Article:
"I like to put some down for the guys when I can," Gregory said of his teammates.

His prowess as a dunker in high school may have led to high expectations here for the player who picked KU over Clemson, Kentucky, Ohio State and others.

"I think I had a lot of expectations coming in for the wrong reasons," Gregory said. "I got MVP of the McDonald's game. Things like that showed people I could jump really high and was athletic. Overall I had a lot of things I needed to work on. People took it the wrong way and expected big things out of me immediately.

"It's one of the reasons I came to Kansas a lot wouldn't be expected of me right away. I could have stayed home at Ohio State and could have gone to a smaller school and started immediately and shot the ball every time. I wanted to come here and get away from all that. It still followed me anyway.

"I knew it'd be a gradual process for me. I just wanted to get better each year and I think that's what I've done. I'd like to be known as somebody who worked on his game each and every year and tried to get better."

He felt some pressure trying to live up to expectations ... until this year when he decided to go with the flow.

"I put pressure on myself in past. It affected my play. My senior season I went out to have fun. I thought, 'If people don't like it, sorry.'''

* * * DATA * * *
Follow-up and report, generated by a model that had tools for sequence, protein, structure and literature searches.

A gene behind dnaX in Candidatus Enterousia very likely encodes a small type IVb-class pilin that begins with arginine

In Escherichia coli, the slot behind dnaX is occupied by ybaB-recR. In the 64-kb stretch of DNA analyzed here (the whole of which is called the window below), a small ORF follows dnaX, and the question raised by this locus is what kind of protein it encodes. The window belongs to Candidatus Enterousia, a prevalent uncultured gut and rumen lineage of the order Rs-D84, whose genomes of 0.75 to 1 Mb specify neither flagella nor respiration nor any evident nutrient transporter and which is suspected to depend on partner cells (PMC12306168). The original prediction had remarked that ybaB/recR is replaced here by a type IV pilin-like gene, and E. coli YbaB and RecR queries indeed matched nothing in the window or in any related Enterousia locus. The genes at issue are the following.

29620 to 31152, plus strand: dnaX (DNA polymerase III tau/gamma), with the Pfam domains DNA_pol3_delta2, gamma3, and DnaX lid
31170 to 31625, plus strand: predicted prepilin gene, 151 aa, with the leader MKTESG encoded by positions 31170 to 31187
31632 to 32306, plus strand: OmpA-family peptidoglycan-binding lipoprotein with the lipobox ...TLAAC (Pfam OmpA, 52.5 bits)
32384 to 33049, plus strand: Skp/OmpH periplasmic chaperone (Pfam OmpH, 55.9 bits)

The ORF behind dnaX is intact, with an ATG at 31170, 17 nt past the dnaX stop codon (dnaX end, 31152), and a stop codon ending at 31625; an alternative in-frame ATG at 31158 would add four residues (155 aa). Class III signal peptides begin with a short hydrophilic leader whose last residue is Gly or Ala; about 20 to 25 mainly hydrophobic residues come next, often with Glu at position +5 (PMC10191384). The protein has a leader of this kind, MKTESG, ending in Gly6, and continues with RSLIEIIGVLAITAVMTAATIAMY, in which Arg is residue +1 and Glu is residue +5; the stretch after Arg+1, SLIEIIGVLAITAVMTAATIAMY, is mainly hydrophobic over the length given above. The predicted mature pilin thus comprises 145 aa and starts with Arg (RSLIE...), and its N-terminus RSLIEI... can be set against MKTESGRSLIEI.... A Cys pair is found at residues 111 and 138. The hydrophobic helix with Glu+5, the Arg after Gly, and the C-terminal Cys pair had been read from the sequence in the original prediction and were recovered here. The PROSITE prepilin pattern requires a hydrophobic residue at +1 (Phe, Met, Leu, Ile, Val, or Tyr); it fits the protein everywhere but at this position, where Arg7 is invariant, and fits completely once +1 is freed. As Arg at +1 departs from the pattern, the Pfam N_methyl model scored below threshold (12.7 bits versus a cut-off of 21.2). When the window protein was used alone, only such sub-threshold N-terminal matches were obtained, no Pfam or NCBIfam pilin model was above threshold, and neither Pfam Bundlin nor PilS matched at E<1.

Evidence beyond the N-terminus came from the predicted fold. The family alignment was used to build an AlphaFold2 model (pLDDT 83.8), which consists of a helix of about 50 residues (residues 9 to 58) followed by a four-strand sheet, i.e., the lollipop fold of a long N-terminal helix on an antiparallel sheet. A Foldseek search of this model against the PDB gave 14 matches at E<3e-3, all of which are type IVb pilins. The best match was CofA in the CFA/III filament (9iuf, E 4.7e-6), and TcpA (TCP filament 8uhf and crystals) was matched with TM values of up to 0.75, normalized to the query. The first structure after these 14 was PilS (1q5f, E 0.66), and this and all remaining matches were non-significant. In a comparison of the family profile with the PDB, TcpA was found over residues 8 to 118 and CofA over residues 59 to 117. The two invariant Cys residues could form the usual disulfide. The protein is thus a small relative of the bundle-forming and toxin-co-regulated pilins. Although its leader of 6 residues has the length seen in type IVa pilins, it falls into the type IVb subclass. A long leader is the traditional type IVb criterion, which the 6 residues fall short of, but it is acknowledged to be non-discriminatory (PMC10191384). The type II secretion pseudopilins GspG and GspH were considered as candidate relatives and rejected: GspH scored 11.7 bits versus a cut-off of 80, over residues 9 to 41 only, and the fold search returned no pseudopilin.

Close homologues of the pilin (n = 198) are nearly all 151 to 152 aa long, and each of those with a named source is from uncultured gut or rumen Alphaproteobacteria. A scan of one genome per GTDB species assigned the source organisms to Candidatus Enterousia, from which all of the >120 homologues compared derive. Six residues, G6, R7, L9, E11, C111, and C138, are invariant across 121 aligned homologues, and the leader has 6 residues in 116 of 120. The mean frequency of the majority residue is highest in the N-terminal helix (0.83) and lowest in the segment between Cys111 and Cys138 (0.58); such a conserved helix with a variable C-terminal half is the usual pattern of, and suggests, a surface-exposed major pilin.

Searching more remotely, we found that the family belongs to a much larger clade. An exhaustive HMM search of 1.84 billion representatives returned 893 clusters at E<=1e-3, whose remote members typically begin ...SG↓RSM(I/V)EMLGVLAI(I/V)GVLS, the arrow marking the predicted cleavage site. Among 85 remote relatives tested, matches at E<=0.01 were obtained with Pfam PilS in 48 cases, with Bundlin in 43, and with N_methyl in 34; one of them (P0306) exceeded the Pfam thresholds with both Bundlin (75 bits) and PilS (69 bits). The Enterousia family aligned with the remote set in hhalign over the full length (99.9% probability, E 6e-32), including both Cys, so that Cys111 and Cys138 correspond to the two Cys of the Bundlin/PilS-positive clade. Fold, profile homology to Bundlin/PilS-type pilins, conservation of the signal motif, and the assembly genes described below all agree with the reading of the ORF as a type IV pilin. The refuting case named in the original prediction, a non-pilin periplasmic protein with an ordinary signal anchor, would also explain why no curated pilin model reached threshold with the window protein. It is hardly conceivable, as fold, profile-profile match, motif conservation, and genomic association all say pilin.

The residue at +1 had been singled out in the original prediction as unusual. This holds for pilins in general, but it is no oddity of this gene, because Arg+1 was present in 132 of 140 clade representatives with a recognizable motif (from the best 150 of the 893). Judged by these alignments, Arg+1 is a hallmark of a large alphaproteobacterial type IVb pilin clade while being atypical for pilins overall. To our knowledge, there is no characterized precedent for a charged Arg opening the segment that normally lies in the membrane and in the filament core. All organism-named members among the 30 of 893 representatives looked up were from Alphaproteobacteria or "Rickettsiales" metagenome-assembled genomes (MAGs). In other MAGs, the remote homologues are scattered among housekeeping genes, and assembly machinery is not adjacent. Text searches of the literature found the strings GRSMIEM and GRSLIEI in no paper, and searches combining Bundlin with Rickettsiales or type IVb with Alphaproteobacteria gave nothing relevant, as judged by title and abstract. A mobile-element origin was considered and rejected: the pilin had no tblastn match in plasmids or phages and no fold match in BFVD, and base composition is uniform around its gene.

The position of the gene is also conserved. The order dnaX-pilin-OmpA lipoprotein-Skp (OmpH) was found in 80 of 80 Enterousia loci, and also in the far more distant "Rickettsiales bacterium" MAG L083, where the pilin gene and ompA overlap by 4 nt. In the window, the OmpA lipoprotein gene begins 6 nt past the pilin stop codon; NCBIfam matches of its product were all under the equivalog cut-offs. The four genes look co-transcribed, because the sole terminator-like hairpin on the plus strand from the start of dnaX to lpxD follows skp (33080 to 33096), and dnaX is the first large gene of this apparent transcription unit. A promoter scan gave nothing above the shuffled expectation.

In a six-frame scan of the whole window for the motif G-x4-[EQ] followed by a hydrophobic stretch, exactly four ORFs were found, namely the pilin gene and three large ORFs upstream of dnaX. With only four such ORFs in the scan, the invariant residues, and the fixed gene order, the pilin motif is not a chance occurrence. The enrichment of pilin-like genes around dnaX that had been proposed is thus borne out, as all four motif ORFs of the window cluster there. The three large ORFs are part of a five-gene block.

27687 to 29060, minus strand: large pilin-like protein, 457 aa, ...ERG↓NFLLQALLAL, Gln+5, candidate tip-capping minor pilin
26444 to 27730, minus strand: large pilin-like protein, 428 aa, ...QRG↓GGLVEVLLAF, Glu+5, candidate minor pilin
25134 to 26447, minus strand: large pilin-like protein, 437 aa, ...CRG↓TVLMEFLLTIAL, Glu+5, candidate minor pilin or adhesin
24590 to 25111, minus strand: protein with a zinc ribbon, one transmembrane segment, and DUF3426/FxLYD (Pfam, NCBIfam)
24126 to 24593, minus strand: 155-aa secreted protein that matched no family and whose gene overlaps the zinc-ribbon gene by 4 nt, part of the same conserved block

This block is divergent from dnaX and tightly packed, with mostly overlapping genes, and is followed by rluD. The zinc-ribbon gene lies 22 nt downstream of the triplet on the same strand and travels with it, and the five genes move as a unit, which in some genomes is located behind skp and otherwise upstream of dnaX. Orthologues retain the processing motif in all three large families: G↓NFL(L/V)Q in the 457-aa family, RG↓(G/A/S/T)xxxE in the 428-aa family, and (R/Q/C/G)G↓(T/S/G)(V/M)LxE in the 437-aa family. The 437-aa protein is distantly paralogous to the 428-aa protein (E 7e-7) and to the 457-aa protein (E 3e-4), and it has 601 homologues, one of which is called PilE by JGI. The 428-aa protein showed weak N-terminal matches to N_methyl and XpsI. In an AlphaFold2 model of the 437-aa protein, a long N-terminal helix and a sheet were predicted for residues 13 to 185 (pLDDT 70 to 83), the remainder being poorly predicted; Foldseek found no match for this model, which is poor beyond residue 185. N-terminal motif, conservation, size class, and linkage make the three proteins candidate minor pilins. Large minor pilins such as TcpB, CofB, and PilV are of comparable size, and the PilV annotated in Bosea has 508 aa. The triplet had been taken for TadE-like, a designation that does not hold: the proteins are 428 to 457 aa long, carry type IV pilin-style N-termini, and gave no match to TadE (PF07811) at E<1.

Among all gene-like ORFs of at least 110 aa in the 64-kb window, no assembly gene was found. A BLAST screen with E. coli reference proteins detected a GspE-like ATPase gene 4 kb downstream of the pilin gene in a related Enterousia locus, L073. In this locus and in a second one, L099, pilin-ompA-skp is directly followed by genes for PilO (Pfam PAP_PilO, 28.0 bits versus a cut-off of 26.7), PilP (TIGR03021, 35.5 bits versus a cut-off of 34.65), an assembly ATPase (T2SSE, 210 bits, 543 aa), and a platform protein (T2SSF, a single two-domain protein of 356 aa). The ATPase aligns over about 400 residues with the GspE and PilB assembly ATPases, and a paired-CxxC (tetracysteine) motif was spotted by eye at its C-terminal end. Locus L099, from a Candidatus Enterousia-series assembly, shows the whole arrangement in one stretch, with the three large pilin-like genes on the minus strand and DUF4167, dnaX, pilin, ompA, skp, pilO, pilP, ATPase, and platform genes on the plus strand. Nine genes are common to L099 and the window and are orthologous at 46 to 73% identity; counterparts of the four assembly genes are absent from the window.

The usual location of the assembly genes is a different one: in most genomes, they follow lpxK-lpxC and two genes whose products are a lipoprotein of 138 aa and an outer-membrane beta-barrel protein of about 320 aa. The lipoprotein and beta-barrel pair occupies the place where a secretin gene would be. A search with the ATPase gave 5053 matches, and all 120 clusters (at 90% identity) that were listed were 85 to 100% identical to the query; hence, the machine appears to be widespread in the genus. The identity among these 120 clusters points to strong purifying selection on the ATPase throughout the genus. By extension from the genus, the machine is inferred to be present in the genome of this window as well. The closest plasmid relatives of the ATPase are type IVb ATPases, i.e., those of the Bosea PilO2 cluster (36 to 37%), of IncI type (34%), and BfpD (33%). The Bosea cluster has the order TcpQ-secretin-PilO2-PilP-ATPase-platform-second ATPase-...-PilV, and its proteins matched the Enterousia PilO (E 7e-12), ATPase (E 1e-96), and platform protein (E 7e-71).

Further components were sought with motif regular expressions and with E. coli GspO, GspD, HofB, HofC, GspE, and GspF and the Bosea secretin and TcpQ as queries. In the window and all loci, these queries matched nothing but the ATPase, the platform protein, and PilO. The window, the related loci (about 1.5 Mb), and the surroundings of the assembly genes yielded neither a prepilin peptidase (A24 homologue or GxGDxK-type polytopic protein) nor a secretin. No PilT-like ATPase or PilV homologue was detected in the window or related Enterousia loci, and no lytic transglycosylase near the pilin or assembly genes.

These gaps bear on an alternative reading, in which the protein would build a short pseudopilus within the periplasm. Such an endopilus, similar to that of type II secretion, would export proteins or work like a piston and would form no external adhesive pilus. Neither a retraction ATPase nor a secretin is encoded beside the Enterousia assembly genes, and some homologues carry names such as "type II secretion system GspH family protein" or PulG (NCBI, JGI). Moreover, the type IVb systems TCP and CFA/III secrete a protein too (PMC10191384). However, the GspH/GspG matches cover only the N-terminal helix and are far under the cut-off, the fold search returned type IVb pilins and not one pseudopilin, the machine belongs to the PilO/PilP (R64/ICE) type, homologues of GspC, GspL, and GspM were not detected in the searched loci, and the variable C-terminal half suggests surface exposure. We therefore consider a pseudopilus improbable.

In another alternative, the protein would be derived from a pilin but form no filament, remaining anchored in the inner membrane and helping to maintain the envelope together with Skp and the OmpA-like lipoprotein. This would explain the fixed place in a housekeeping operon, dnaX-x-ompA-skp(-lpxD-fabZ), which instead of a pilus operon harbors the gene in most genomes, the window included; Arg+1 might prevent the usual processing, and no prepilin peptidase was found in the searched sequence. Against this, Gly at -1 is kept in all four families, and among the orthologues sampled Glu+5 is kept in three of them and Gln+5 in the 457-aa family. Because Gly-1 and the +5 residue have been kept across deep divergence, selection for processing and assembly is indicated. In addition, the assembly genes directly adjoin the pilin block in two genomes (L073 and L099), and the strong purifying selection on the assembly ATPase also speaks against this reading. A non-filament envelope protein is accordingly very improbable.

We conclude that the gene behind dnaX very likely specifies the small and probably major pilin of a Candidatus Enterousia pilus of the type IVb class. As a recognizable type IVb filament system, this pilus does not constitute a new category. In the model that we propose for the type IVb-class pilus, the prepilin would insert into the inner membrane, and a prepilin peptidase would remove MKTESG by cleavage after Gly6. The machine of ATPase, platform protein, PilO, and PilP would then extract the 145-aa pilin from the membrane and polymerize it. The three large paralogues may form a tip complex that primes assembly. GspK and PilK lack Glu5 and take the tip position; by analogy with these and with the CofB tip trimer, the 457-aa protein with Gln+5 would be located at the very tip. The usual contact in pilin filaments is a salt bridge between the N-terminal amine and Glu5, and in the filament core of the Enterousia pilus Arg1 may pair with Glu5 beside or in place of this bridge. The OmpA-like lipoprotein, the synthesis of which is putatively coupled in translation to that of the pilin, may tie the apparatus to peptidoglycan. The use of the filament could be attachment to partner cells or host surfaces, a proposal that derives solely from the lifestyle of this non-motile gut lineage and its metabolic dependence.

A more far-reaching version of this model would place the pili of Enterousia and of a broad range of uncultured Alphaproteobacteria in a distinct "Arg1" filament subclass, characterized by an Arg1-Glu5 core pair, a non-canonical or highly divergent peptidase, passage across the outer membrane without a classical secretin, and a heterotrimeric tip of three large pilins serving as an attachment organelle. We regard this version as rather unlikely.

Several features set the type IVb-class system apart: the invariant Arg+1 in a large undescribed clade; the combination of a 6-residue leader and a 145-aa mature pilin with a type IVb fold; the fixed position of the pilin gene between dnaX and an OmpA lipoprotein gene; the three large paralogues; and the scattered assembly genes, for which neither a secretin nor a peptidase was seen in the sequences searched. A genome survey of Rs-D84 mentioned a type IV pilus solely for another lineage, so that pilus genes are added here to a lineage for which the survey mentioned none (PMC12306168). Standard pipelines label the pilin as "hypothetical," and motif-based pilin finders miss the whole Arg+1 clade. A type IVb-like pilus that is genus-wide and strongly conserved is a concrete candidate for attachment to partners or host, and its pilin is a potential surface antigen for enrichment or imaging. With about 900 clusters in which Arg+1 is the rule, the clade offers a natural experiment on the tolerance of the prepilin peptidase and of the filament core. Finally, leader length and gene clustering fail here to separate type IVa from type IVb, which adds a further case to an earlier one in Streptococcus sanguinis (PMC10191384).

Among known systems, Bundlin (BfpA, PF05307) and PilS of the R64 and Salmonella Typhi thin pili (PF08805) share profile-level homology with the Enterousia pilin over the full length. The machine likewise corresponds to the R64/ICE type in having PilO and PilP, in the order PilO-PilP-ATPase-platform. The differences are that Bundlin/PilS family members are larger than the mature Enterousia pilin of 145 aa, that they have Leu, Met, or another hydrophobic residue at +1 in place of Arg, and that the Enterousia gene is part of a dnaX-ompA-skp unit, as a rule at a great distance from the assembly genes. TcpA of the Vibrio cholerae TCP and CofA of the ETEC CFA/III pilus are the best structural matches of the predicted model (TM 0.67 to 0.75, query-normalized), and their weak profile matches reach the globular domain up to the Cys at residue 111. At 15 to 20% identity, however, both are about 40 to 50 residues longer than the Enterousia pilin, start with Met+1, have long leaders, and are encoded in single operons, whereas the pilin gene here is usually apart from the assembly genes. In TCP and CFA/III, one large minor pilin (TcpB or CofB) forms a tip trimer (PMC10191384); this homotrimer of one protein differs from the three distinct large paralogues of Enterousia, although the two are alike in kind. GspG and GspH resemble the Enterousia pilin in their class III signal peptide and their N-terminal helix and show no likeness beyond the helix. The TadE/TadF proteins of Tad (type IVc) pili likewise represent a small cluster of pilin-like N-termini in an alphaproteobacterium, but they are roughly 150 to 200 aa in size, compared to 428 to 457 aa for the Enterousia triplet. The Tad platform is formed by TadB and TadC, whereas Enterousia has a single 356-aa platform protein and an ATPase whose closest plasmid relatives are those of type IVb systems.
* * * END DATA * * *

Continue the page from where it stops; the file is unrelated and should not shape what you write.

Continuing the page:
KU coach Roy Williams has noticed the new Gregory, who averages 16.1 points and 7.1 boards both career high marks.

"Like Eric (Chenowith), Kenny came in with a lot of expectations from other people," Williams said. "He was MVP of the McDonald's game. Some people looked at that and say, 'Wow.'

"The McDonald's game is running up and down a jumping and dunking contest. Kenny is healthier this year than he ever has been. His back has not been bothering him as much as the past. I think he's enjoying the journey, enjoying life as it goes along.

"At the same time he's still focused. He's just a little looser."

Of Gregory, sophomore forward Nick Collison said: "Kenny is a great guy. We are a little closer this year. We hang out quite a bit if I can get him away from his girlfriends.

"He is a ladies man. Whenever he gets a chance to go to movies or dinner, I think he does that," Collison laughed. "He's a great player and has done a great job his senior year for this team."

Gregory he's hoping for a Final Four bid and national title in his final go-round says he has no regrets leaving Ohio for KU.

"None," he said. "If I were talking to somebody who is coming here (out of high school), I'd tell them to be ready to work. You will learn from one of the best (coaches). You get great advice offensively and defensively. You must be ready for the day-to-day battles. It takes a lot of preparation building up for games at Kansas. It's fun to play here. People are behind you. The games are always sold out regardless of who we are playing, how we are playing or the weather. The support is great.

"I'll miss it all, but I am not saying this will be a sad day. In the past, some seniors may have seen it as something sad playing their last game in the fieldhouse. I see it not as an ending. I'm just moving on."